New Census To Report On State Of Md. Farming

BERLIN – Farmers are getting older and farms are getting bigger, predicted Wicomico extension agent Eddie Johnson ahead of the 2007 census of agriculture.

The national census, taken every five years, will identify every farm in every county, the crop grown or livestock raised, the number of acres in production, income and expenditures, and the age of every farmer across the country, along with a host of other data.

“The number of farms is going down. Farm size is going up and the number of acres has gone down. That’s what I expect to see,” said Johnson.

The number of acres in agriculture is going down because of development, but farms are getting bigger as older farmers retire and sell their land to fellow farmers, who add it to their existing property.

Many farmers do not want their land to sell for development, Johnson said, but cannot put a conservation easement that extinguishes development rights while preserving farming rights on their property.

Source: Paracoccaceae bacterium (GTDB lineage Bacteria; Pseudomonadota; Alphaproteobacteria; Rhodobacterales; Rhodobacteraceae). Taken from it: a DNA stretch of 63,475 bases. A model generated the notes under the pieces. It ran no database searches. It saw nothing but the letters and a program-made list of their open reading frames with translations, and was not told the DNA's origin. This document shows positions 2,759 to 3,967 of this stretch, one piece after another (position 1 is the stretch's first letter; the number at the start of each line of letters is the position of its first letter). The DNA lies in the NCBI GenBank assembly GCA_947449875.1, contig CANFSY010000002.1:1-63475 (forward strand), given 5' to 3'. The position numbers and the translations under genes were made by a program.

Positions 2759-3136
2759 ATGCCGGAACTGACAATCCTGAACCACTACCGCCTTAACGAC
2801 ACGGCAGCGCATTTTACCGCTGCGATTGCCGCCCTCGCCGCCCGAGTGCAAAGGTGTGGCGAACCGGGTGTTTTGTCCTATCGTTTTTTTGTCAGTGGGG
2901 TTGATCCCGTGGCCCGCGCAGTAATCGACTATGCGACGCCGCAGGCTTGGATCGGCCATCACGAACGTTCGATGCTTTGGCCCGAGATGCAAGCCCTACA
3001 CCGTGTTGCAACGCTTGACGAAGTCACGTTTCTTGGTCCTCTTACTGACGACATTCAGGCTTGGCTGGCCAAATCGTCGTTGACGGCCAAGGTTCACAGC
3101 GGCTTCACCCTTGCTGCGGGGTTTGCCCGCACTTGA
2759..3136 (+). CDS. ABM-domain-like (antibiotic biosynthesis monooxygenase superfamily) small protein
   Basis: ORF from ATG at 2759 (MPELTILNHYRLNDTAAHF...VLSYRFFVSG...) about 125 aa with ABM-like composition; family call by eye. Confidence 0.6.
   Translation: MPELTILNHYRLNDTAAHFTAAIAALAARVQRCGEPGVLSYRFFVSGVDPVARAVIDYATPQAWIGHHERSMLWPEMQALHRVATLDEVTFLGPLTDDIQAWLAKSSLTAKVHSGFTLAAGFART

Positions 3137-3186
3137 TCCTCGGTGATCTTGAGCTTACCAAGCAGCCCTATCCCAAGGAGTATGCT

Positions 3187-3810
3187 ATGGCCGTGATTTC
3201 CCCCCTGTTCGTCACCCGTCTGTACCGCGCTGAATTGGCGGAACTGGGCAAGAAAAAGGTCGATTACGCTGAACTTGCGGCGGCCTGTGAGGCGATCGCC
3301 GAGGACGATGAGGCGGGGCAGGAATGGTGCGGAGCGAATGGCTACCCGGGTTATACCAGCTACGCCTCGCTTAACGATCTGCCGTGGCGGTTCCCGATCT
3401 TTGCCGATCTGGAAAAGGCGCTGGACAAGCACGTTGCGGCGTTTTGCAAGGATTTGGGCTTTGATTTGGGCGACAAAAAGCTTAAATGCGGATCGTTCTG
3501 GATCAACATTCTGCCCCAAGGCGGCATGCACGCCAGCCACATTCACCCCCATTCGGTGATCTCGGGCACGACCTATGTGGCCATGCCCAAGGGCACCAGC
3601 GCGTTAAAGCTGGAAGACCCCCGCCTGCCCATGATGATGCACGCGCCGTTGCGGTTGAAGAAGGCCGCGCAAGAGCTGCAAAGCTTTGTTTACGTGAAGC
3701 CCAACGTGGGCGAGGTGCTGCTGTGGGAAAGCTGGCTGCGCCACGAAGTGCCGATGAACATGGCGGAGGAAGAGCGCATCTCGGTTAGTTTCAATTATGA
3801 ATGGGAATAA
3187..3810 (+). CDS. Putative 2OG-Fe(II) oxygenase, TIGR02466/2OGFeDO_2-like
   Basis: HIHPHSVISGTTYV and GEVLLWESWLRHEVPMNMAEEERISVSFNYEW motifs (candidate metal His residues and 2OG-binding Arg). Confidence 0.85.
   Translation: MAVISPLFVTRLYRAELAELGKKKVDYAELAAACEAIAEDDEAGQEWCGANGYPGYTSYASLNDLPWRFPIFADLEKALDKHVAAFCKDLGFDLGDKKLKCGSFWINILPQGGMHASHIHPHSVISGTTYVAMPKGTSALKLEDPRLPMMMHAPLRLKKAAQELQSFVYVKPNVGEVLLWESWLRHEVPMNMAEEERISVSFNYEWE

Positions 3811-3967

“There’s not enough money in agricultural land preservation,” he said.

There are also very few young people joining the farming ranks.

“The average age now is around 58, so you’re four years away from social security. The number of young farmers going into it is not there. Where are we going to be in 10 years?” Johnson wondered.

Hobby farms are a growing trend locally.

“We have a lot of people moving out of the city with 20 acres down here and they want to know what to do with it,” Johnson said.

Worcester County has 403 farms, out of 12,000 across the state, according to Dale Hawks, deputy statistician for the Maryland field office of the National Agricultural Statistics Service (NASS), which conducts the census.

The survey will be used in making policy decisions at several levels.

“We want farmers to know the census of agriculture is their voice,” said Barbara Rater, director of the NASS Maryland field office.

Maryland Secretary of Agriculture Roger Richardson said the census is critical.

“Policy-makers factor census data into decisions concerning agricultural and rural programs. Community planners use census to target needed services to rural residents. Companies rely on census date when determining where to locate their operations,” he said.

Johnson added, “It’s looked at nationwide. Maryland, of course, is just a drop in the bucket.”